Proposing a criterion- and standard-based assessment framework for Cantonese operatic singing with the application of the new Bloom’s Taxonomy


Research output: ThesisDoctoral Theses


Cantonese opera (known as Yueju 粵劇) is one of the Chinese music traditions that has been recorded on the UNESCO Representative List of Intangible Cultural Heritage of Humanities (2009), which is popular around the world and especially in its heartlands of south China: Guangdong and Guangxi Province, Hong Kong, and Macau. For decades, the transmission of Cantonese opera has faced considerable challenges within a rapidly developing contemporary society. Although teaching traditional art forms in schools and in the community has proven an effective way of ensuring the transmission of traditional culture, due to an absence of research in this specific area, the lack of valid assessment constrains both education and popularity among the younger generation. Based on a holistic theoretical framework stemmed from the revised Bloom’s taxonomy and adopting a user-centered design approach, the primary purpose of this study is to propose a criterion- and standard-based assessment framework for teacher reference that supports the education and transmission of this traditional genre. Four research questions guide this study: 1) What are the design and practices of the existing graded examinations of Chinese opera? 2) For the sake of transmission and education, how can an ideal assessment framework for Cantonese operatic singing be formulated? 3) What is common practice in assessments of Cantonese operatic singing? and 4) To what extent does the proposed assessment framework facilitate the teaching and learning of Cantonese operatic singing?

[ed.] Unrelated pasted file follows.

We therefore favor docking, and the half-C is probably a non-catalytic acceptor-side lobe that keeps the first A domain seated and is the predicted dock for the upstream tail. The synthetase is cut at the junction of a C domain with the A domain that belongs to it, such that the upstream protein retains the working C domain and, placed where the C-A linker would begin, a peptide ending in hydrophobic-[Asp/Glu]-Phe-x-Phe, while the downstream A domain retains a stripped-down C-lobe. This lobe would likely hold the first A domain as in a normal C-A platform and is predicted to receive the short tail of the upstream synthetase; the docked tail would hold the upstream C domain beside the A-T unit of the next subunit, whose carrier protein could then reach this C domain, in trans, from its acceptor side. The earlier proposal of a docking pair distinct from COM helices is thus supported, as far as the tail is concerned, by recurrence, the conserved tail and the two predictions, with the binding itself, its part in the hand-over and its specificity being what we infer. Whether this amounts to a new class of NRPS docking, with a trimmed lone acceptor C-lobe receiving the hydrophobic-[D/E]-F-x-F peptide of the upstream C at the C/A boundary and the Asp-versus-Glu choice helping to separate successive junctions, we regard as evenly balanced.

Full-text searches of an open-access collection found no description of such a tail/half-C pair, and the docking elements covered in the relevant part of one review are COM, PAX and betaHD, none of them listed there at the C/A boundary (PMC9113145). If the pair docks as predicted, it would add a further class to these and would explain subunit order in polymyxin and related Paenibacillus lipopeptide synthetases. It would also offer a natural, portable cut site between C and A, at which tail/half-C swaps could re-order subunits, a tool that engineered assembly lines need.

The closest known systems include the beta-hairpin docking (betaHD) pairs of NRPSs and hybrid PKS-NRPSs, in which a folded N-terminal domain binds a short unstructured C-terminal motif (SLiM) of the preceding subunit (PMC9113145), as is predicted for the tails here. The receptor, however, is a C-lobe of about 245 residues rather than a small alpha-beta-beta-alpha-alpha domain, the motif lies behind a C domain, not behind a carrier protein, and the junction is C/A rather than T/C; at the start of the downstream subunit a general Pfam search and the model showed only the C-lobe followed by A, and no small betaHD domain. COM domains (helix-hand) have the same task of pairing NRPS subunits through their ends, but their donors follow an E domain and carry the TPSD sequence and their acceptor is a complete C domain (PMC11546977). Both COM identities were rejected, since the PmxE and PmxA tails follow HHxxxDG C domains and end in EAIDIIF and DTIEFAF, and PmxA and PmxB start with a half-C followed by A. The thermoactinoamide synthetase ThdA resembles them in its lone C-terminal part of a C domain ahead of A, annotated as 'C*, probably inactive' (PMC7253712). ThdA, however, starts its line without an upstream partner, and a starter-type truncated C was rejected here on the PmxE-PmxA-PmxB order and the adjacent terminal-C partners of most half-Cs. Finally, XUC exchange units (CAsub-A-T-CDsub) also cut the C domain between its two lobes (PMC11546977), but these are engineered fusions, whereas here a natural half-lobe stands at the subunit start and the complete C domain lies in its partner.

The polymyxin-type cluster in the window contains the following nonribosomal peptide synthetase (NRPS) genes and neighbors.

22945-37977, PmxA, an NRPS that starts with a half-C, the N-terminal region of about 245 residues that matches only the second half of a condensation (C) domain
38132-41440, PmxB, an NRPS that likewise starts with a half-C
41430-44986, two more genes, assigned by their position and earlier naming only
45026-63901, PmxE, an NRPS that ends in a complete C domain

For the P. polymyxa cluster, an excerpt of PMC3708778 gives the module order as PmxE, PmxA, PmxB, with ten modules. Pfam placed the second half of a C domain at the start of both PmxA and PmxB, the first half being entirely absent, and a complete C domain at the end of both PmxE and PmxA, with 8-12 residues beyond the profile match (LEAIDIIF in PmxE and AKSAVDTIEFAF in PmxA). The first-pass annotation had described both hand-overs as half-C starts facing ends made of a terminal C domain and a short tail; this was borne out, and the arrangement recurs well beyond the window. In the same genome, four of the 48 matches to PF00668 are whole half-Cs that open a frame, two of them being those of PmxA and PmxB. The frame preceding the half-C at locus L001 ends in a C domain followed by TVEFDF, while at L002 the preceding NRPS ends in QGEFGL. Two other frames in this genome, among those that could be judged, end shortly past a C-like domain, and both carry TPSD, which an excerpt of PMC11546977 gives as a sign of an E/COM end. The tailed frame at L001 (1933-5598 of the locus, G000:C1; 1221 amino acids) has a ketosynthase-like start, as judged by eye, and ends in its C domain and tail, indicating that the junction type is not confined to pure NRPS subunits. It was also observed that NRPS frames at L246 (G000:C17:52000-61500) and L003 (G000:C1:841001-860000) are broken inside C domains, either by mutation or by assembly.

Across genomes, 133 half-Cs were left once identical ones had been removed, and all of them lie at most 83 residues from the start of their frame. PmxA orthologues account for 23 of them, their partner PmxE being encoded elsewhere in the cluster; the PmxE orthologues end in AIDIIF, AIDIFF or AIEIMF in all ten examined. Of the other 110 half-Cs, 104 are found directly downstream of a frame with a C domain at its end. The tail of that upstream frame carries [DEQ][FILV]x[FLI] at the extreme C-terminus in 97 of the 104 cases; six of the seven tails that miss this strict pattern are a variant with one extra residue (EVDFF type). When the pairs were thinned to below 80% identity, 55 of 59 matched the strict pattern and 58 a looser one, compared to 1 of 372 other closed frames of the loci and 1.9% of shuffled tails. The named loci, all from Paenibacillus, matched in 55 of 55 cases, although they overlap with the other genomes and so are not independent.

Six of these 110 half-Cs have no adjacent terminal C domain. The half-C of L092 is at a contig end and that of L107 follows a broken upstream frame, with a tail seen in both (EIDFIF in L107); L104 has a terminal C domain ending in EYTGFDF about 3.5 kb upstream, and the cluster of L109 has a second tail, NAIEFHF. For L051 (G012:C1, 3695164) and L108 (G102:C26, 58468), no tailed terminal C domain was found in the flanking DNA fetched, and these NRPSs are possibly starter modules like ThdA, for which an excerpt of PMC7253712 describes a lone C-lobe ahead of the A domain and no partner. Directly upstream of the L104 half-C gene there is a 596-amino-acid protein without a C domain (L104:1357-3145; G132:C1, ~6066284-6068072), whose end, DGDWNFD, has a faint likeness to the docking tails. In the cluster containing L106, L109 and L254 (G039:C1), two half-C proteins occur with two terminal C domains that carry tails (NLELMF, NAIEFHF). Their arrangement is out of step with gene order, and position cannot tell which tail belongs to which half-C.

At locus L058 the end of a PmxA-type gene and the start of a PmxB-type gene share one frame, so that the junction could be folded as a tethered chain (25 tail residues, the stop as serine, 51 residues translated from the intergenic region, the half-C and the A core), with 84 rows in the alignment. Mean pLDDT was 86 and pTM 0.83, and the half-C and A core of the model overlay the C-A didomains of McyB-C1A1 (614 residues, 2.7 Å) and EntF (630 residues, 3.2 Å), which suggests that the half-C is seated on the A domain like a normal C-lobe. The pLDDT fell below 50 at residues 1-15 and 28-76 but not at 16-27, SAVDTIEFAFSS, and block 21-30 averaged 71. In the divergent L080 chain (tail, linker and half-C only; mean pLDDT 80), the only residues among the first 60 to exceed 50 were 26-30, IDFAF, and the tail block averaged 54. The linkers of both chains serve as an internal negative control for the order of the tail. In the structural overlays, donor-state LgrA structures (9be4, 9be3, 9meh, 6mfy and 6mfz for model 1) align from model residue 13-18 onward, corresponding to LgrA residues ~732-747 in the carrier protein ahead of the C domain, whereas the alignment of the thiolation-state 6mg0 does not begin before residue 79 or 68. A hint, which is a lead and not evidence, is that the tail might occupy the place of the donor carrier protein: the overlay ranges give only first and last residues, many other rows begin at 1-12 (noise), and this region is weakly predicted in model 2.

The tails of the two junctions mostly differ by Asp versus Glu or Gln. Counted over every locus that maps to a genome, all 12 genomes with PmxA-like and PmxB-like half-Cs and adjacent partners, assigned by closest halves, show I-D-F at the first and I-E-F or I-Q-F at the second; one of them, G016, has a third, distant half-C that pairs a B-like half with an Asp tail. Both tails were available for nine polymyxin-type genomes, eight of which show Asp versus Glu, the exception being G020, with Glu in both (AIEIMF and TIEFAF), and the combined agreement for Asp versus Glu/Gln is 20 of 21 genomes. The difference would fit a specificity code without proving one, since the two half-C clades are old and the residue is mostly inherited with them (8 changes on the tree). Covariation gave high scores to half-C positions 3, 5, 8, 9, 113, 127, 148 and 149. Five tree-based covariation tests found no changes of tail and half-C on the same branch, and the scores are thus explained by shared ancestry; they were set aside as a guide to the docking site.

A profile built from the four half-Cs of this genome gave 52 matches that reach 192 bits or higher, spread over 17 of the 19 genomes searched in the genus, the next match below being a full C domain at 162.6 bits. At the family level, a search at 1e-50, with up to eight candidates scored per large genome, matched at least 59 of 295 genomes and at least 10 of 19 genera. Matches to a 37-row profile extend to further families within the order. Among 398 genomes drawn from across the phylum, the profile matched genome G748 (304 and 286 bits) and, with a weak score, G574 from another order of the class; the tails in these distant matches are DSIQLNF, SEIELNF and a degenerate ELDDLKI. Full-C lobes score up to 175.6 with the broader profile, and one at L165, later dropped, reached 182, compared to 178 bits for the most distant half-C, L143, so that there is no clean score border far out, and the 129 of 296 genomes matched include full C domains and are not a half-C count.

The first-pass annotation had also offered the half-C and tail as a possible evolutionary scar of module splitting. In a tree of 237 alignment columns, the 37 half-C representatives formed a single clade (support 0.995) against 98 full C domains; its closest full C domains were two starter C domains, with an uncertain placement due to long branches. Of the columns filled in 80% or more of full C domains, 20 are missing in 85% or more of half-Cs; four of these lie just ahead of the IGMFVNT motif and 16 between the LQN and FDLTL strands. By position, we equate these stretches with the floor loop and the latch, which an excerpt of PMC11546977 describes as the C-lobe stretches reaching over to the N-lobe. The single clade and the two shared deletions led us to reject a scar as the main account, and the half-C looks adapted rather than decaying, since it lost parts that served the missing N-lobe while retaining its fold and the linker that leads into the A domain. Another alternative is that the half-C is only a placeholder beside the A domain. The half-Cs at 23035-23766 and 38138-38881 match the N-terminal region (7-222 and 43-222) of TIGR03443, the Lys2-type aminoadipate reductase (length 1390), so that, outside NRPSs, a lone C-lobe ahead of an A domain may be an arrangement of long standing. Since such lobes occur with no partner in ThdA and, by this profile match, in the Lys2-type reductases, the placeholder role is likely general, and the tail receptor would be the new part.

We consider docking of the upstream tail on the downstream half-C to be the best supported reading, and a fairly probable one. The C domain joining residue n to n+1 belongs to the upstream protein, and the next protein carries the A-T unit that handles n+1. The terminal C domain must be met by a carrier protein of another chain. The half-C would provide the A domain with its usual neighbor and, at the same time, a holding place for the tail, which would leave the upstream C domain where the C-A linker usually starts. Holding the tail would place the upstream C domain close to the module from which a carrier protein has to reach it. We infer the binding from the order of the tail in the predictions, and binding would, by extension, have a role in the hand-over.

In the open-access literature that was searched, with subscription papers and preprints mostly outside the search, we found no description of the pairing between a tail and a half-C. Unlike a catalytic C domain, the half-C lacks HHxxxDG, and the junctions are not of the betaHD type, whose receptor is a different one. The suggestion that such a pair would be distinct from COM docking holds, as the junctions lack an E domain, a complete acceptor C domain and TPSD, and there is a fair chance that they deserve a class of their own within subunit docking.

The study consists of two phases. Phase I is divided into three parts. In the first part, the design and practices of two relevant assessment systems of Xiqu (戲曲 literally “theatre and music”) were analyzed, to identify common components, assessment focus, and potential issues in the two existing public Xiqu graded examinations. In the second part, six eminent Cantonese opera experts from Guangdong Province and Hong Kong were interviewed in a semi-structured setting to gather their views on common practice within Cantonese operatic singing assessment concerning the graded examinations. Another purpose of the semi-structured interview was to collect information to use in the formulation of an ideal assessment framework for Cantonese operatic singing concerning transmission and education. Finally, based on the findings of the previous two parts and the theoretical framework of the study, a criterion- and standard-based assessment framework is noted, from which assessment rubrics for four domains of Cantonese operatic singing are formulated. Phase II is an exploratory study comprised of a series of assessment trials and subsequent semi-structured interviews as an evaluation. Three teachers were invited to use the assessment rubrics to evaluate their students. Adopting stratified sampling, students from six categories: top students, average students, and underachievers in senior and junior grades were selected according to their daily academic performances to serve as assessment subjects in the exploratory study. Subsequently, another round of semi-structured interviews was conducted with each of the four participant teachers and 18 of the participant students to investigate to what extent the proposed assessment framework facilitated the teaching and learning of Cantonese operatic singing and what, if any, functional or practical problems remained to be solved.